Aug 2 2012

The Dominique Jacquin-Berdal Travel Grant awarded for 2012

Dr Dominique Jacquin-Berdal 1966-2006

The Dominique Jacquin-Berdal Travel Grant was established by the International Relations Department at the LSE in memory of Dr Dominique Jacquin-Berdal who was a lecturer in the Department from 1999 until her death in 2006.  She taught on nationalism and Africa as well as in the field of international relations theory.  Her most well-known publication is Nationalism and Ethnicity in the Horn of Africa published in 2002.  Her colleague James Mayall wrote an obituary in The Guardian, plus a longer piece in the IR Department journal Millennium.

The annual grant of £2,500 is intended to support travel and living costs for IR Department students’ research in the fields of Africa, ethnicity and nationalism.  The 2012 grant holder is Emily Anderson and she gives her reactions, plus details of her project, below.

Emily Anderson

Emily Anderson

Emily Anderson

“It is a privilege to receive this grant in memory of Dr Dominique Jacquin-Berdal in support of research that is inspired by her creative and distinguished contributions to International Relations, particularly conflict in Africa.”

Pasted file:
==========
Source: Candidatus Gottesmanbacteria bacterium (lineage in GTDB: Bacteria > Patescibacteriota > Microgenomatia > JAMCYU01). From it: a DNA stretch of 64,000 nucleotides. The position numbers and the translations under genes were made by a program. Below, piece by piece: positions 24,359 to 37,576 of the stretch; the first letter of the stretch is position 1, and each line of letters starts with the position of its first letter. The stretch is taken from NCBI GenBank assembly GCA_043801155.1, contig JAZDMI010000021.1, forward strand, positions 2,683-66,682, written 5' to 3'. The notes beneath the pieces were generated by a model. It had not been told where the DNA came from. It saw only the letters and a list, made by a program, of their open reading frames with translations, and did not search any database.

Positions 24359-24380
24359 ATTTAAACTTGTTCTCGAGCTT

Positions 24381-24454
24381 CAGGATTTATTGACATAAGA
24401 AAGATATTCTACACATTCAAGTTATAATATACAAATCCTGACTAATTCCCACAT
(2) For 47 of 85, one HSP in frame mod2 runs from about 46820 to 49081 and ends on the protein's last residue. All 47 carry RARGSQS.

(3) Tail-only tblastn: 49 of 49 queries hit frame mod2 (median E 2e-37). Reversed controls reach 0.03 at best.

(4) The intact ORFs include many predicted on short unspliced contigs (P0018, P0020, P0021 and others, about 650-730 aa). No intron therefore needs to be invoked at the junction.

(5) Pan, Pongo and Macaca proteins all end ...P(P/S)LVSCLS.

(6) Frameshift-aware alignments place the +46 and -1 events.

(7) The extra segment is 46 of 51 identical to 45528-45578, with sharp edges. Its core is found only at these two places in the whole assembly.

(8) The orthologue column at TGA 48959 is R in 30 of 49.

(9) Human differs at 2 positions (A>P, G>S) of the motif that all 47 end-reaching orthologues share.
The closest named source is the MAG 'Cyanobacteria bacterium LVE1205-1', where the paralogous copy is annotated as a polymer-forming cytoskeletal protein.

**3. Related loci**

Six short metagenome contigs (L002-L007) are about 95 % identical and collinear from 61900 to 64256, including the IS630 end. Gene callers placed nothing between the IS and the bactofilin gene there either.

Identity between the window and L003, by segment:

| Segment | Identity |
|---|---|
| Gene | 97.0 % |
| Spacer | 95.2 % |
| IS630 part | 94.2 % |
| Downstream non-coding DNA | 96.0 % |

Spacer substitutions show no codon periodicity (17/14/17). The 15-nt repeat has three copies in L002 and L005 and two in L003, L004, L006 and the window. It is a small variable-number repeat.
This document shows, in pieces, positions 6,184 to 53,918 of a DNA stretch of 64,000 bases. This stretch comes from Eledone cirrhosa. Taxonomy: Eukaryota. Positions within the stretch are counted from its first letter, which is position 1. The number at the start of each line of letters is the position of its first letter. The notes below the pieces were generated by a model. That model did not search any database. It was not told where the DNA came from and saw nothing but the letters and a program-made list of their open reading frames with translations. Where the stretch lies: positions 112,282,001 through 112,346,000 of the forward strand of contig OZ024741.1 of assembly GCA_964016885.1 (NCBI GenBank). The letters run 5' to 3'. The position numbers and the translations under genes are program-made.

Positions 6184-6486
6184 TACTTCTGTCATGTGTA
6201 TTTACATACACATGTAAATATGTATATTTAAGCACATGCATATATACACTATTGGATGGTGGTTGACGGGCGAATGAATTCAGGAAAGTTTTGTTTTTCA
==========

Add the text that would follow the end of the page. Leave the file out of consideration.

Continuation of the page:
Emily Anderson

Thesis title: Insurgencies, insecurity, and the statist process: the impact of civil warfare on taxation in Angola and Mozambique, 1975-2012.

Emily’s PhD is a comparative study of the influence of war on state formation processes in postcolonial Angola and Mozambique.  Her particular interest is in how the war economies that developed in each country have affected state capacity to collect revenues through taxation.  Emily’s research analyses the impacts of insurgency warfare on resource mobilisation during the conflict, and the extent to which the political-economic dynamics that emerged as a result can account for post-war taxation processes.  Despite broad recognition of the links between taxation and government legitimacy, accountability, and wider development, there have been few comparative studies of taxation in Africa, and very little research has addressed the relationship between conflict and tax in a postcolonial African setting.  Emily’s thesis seeks to fill this specific gap and will present the results of extensive fieldwork and data collection from Mozambique, Angola, and Portugal.

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